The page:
Dynamic Surveillance: Evolving Procedures in Metadata and Foreign Content Collection After Snowden
57 Pages Posted: 27 Feb 2014 Last revised: 6 Oct 2015
Date Written: February 24, 2014
Sensational disclosures often signal change. Edward Snowden’s revelations are no exception. A Senate bill modifying § 215 of the USA Patriot Act, introduced by Senator Patrick Leahy, appears headed toward passage; it would end the government’s bulk collection of telephony metadata. Debate continues on changes to § 702 of the FISA Amendments Act that would end the collection of content “about” (as opposed to “to or from”) overseas targets and limit the querying of the § 702 database for U.S. persons, although the Leahy bill does not address these issues. The proposed legislation provides for the appointment of amici curiae by the Foreign Intelligence Surveillance Court (FISC), although it steers clear of a more robust, institutionalized public advocate.
This Article charts the history of the § 215 and § 702 programs, and offers a comprehensive analysis of evolving standards in collection and surveillance in the wake of Snowden’s revelations. The analysis hinges on a dynamic conception, which should pivot toward further tailoring and external constraints. That analysis cautions against an unduly narrow reading of the “specific selection term” that the government will have to cite to obtain metadata from telecom companies. Because tailoring should not undermine the purpose of intelligence collection, courts should construe the proposed language in the Leahy bill as permitting government access to large sets of records that the government has previously obtained via subpoena. Similarly, both “about” collection under § 702 and querying of § 702 data to obtain foreign intelligence information about U.S. persons are legal under the current statute. However, Congress should impose more specific criteria on querying § 702 data.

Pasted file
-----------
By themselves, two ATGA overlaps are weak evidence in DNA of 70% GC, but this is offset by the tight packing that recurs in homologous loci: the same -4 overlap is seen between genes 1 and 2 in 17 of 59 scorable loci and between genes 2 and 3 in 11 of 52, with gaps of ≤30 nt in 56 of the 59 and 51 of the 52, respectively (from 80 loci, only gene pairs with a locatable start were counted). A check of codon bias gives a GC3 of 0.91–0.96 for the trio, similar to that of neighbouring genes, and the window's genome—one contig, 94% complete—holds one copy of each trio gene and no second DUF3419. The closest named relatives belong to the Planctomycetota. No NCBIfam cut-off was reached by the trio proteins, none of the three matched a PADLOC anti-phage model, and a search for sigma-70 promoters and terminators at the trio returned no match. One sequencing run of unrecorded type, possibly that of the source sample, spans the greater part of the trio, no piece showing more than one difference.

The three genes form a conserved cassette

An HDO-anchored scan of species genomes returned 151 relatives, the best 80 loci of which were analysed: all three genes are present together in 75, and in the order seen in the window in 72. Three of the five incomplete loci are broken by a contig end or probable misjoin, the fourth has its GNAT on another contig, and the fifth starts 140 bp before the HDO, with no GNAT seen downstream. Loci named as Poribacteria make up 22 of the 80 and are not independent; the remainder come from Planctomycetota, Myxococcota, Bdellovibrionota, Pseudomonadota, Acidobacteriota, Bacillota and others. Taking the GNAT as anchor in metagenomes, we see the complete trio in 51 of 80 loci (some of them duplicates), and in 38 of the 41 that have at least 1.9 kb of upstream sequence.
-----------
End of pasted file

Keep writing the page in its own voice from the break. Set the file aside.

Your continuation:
The Article also analyzes institutional reforms to the FISC process, such as the Leahy bill’s provision for appointment of amici curiae. That reform will not produce the comprehensive change that privacy and civil liberties advocates seek, because it is too dependent for its implementation on the FISC itself, which has been wary of altering its ex parte procedures. The certification procedure in the Leahy bill that triggers appellate review of FISC decisions is constitutional but futile, because of the prudential barriers to certification that the Supreme Court has erected.
The Article defends a more robust public advocate on policy grounds, as a means for ensuring debate at the FISC. A more robust public advocate could also withstand constitutional objections based on Article III and the Appointments Clause, because it would emerge from congressional efforts invited by the Supreme Court in the Keith case. These institutional reforms would complete the dynamic conception’s pivot toward tailoring and external constraints, while ensuring the effectiveness and legitimacy of collection and surveillance programs.
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